Understanding Special Administrators: Lessons Learned from In Re Estate of Jones

The South Dakota Supreme Court recently reversed a circuit court’s order denying a petition pursuing appointment of a special administrator to seek a wrongful death claim for a deceased man’s estate. The Supreme Court held that the circuit court abused its discretion in failing to address certain discovery motions before deciding a special administrator petition.

After the man in question passed away, the circuit court decided that the deceased man’s surviving wife should function as his estate’s personal representative. The man’s children then petitioned for appointment of a special administrator to seek a wrongful death claim for the deceased man’s estate and later served discovery requests on the surviving wife pursuing information related to the petition. The court then denied the special administrator petition and found that the discovery issues were moot.

The Supreme Court reversed the circuit court’s decision and held that the circuit court gave the man’s children the chance to develop and later present evidence connected to their petition.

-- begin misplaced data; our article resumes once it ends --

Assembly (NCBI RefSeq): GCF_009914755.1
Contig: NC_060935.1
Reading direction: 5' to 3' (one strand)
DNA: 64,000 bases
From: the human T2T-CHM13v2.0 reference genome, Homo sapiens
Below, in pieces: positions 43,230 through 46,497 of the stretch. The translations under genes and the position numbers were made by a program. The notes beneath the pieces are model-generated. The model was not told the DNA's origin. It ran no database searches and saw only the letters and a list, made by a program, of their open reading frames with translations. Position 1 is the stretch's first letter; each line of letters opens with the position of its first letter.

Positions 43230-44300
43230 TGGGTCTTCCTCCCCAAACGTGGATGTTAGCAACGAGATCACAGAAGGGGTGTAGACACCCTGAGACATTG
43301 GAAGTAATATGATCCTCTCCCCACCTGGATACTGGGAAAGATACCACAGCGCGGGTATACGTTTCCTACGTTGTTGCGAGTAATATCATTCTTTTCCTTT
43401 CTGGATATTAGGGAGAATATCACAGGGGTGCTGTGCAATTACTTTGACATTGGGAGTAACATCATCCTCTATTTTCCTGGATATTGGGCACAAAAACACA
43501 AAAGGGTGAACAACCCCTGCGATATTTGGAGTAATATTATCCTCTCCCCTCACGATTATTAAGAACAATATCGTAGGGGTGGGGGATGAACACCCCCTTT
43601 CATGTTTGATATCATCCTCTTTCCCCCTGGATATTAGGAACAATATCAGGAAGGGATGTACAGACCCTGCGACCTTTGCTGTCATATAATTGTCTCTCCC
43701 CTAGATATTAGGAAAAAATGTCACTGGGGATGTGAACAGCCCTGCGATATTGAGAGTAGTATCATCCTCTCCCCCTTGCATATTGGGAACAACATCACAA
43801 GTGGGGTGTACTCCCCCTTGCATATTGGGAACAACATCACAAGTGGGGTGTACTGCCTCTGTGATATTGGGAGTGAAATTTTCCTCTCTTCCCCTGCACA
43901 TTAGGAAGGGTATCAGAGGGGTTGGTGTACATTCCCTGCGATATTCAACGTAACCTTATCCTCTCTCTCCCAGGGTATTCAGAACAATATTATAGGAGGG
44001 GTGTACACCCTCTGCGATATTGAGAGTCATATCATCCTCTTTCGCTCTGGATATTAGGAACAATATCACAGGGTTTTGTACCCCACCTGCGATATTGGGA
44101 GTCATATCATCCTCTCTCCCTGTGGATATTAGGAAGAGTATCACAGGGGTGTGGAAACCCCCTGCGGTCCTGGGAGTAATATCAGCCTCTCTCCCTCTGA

This case highlights the critical role that special administrators play in the estate planning process. Unfortunately, people often overlook the role that special administrators can play in estate administration.

The Role of a Special Administrator

A special administrator is a court-selected individual who a court appoints often during probate to manage an estate. Special administrators can have various specialties. For example, a special administrator with experience in vinyl storage might be tasked with managing a person’s record collection. In some cases, special administrators are even assigned with management of an entire estate for a short period of time. In these  situations, special administrators are tasked with maintaining an estate and not taking control of probate.

Some of the important aspects to understand about special administrators include:

  • A special administrator’s duties. After a special administrator is appointed, the special administrator is responsible for collecting both assets and debts of the deceased individual to preserve them until the court  selects an executor or an administrator who will act in a permanent role. During this period, a special administrator might initiate a lawsuit or defend a lawsuit if they involve preserving the assets of an estate. 
  • Dismissing an administrator. When courts decide an appropriate executor is prepared to take over an estate, a special administrator’s powers end. An administrator transfers all estate assets to an executor’s control. If an administrator pursues a lawsuit, the executor will take control over how the lawsuit is prosecuted.
  • Lawsuits involving administrators. Special administrators are required to hand control to an appointed executor. If the administrator maintains possession of the estate as well as its assets, courts sometimes take action to force the administrator to turn over the estate. Additionally, the court appointed executor might pursue legal action against the administrator to recover assets.



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